Our first stop was Hasting's Drive. We were greeted by lots typical late May migrants like flycatchers, thrushes and warblers like Tennessee, Wilson's and Blackpoll. We were walking along the road when we noticed a big flock (230 individuals) of Whimbrels heading west, then shortly after another flock (120). We're right in the prime time for Whimbrels moving through so we decided to head back to the car to do a proper lake watch with the scope. We were rewarded with a total of 865 Whimbrels plus 6 Red Knots (good Long Point bird) within the next hour and 7 Red-throated Loons. Here's our full checklist.
|One of nine flocks of Whimbrels|
Sure enough it was a very interesting bird! My initial thought went to female Cerulean but the yellow on it made it obvious pretty quickly that wasn't correct. I'll let the photos speak for themselves:
The bird in question has a lot of features that point towards Magnolia Warbler, especially the back and rump, but there is lots wrong for that species - notably the pale head, throat and underparts and the tail (which should have white spots on the tail feathers rather than the white outer rectrices of this bird). Our best guess at the time was a Magnolia x Chestnut-sided Warbler hybrid but looking at the photos again I can see why Cerulean came to mind (check out that head/face) initially.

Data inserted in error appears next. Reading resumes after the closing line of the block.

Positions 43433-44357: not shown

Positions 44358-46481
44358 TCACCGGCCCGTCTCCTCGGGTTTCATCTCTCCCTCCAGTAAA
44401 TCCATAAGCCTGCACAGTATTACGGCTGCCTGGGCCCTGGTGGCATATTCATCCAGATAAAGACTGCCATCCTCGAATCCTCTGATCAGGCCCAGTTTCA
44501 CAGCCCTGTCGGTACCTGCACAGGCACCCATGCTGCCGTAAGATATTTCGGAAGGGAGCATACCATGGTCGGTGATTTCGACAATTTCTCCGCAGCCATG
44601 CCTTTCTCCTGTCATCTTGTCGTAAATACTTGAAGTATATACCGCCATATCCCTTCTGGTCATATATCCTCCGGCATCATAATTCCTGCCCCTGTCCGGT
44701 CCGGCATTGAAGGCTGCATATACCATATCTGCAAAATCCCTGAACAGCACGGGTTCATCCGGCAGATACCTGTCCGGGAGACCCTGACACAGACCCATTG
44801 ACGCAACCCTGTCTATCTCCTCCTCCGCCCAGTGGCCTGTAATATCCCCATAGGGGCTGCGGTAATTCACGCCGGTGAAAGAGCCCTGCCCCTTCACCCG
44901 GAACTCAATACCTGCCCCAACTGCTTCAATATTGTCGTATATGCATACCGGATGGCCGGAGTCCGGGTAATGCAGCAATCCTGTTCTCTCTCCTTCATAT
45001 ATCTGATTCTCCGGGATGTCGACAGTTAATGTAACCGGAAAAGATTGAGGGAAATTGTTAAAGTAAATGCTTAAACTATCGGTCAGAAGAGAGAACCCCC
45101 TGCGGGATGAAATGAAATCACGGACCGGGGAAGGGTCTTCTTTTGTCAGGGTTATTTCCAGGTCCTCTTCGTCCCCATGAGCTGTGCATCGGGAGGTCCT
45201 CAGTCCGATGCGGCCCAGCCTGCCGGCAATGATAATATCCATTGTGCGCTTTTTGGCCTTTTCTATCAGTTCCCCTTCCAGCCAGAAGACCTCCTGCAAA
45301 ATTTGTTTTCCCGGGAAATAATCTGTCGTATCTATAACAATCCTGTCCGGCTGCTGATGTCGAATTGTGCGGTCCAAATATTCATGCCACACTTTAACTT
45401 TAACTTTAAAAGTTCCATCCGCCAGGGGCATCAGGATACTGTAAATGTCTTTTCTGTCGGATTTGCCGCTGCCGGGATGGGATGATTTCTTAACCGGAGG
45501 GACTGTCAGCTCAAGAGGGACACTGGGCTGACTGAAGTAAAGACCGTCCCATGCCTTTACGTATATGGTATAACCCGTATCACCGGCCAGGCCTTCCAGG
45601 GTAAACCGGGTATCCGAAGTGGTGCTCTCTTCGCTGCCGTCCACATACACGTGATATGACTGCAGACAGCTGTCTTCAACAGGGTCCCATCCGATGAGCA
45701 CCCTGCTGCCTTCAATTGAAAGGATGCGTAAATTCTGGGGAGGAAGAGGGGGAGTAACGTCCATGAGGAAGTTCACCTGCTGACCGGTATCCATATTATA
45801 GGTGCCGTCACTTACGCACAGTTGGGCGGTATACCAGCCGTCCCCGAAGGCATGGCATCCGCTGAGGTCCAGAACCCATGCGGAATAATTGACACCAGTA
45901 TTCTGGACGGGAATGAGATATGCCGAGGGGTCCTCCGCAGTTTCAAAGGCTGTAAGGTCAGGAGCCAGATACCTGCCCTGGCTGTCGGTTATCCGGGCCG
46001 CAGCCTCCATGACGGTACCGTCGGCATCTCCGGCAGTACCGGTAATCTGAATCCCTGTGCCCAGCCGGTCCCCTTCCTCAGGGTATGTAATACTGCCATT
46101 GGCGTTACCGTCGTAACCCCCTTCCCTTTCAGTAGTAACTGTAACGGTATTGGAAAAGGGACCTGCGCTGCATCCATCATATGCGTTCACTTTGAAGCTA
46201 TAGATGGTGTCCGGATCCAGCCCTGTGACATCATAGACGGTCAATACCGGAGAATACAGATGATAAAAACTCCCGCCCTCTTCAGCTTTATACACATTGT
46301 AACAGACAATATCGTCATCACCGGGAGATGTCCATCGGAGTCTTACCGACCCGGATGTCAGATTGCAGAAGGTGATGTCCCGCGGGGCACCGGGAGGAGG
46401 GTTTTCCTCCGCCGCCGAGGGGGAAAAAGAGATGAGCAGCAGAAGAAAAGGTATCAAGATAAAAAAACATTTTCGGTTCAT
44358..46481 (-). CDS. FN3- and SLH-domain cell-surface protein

Magnolia x Chestnut-sided doesn't seem like too much of stretch since the two species share a lot of breeding range and often are found in similar habitat. Cerulean x Magnolia would be more of a stretch since those two species don't overlap a whole lot or share very similar habitat. What do you think? According to Birds of North America online the only confirmed hybrid involving Magnolia Warbler was one with a Yellow-rumped Warbler from Dominican Republic (Latta, S. C., K. C. Parkes, and J. M. Wunderle. 1998. A new intrageneric Dendroica hybrid from Hispaniola. Auk 115(2):533-537.). That combination is extra interesting to me because I am convinced I observed such a bird just a week and a half ago...see my description of it here.
Anyways, we made a stop at Townsend Sewage Lagoons on the way home where there was a good number of shorebirds (see our full checklist here) including a beautiful female Wilson's Phalarope. We ended our day at about 140 species, not too shabby!
If you're thinking about visiting Long Point be sure to check out the new Long Point Birding Trail either online or by picking up your copy at Bird Studies Canada headquarters or the Old Cut field station.